Here's one more reason to be puzzled by the GOP's animus toward green jobs: It turns out that the clean economy is disproportionately fueling economic growth and opportunity in states that tend to send Republicans to Congress -- states that are also struggling with high rates of unemployment and poverty.
The South has the largest number of clean economy jobs, with seven of the top 21 states for clean economy jobs. Among them, Florida has over 100,000 clean economy jobs. Georgia has over 83,700, and Tennessee has over 76,000. At the same time, the South also suffers from the highest rates of poverty [PDF] in the country. Clean economy investments provide much needed jobs and economic growth in these high poverty areas. By cutting clean economy programs and incentives, conservatives are threatening one of the strongest economic engines in the South.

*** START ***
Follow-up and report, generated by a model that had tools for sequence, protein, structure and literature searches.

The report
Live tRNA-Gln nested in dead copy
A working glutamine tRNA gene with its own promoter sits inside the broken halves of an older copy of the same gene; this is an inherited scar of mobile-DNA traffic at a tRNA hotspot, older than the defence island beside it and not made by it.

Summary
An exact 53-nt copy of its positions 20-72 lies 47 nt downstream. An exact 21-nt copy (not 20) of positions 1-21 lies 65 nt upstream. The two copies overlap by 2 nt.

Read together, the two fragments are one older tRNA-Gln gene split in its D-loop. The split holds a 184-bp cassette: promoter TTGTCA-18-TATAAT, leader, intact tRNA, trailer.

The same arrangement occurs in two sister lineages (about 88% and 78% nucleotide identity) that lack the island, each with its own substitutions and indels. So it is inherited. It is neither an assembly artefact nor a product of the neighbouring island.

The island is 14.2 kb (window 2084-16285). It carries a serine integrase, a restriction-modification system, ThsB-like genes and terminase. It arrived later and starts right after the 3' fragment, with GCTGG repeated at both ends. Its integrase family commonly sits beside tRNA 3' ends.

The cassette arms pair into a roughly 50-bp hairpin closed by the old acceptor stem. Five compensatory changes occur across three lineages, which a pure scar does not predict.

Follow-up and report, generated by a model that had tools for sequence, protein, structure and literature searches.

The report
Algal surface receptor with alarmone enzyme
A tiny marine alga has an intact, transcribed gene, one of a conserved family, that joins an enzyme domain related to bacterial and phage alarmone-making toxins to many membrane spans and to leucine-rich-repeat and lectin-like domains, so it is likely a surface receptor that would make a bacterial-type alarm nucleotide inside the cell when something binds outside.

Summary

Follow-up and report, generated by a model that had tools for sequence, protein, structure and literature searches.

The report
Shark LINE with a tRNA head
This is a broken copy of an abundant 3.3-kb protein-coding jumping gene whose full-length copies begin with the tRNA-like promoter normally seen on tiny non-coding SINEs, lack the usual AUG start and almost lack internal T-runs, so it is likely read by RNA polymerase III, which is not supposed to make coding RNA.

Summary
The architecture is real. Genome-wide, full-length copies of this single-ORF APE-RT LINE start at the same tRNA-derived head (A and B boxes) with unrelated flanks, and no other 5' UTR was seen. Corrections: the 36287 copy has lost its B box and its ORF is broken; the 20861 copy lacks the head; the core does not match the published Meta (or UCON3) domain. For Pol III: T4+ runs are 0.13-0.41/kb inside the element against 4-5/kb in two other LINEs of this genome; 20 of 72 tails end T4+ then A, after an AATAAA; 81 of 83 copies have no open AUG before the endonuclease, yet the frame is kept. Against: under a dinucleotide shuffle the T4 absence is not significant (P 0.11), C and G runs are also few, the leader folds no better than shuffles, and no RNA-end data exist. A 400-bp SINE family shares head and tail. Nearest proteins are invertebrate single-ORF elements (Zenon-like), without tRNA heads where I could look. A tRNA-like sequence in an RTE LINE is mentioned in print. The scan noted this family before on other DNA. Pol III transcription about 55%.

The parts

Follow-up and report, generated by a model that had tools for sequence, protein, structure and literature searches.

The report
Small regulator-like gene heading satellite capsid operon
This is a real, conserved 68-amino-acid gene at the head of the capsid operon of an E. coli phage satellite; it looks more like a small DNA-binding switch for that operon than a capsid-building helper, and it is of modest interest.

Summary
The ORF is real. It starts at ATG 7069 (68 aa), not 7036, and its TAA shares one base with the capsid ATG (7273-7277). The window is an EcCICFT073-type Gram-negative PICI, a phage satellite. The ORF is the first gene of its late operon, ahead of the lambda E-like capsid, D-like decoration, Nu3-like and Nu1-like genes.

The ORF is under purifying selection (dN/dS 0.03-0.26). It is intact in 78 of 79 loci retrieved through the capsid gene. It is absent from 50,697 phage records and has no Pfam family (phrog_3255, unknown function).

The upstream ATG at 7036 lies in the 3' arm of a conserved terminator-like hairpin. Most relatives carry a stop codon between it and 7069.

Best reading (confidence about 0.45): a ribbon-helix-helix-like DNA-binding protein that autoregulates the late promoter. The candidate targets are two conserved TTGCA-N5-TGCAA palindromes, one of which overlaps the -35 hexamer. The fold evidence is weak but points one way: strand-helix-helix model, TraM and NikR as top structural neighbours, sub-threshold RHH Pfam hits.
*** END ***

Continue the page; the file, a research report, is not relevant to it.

In Mississippi, which has an unemployment rate over 10 percent and the highest poverty rate in the nation at 22.7 percent, green jobs are expected to grow by 18.5 percent in the next decade, much higher than the overall expected job growth rate of 12 percent. Recently, a 100-megawatt solar panel production facility opened in Hattiesburg, and plans are underway to build multiple sites statewide to turn wood chips into biofuel. Currently, the state has more than 17,000 green jobs, a number that will only grow with strong governmental support.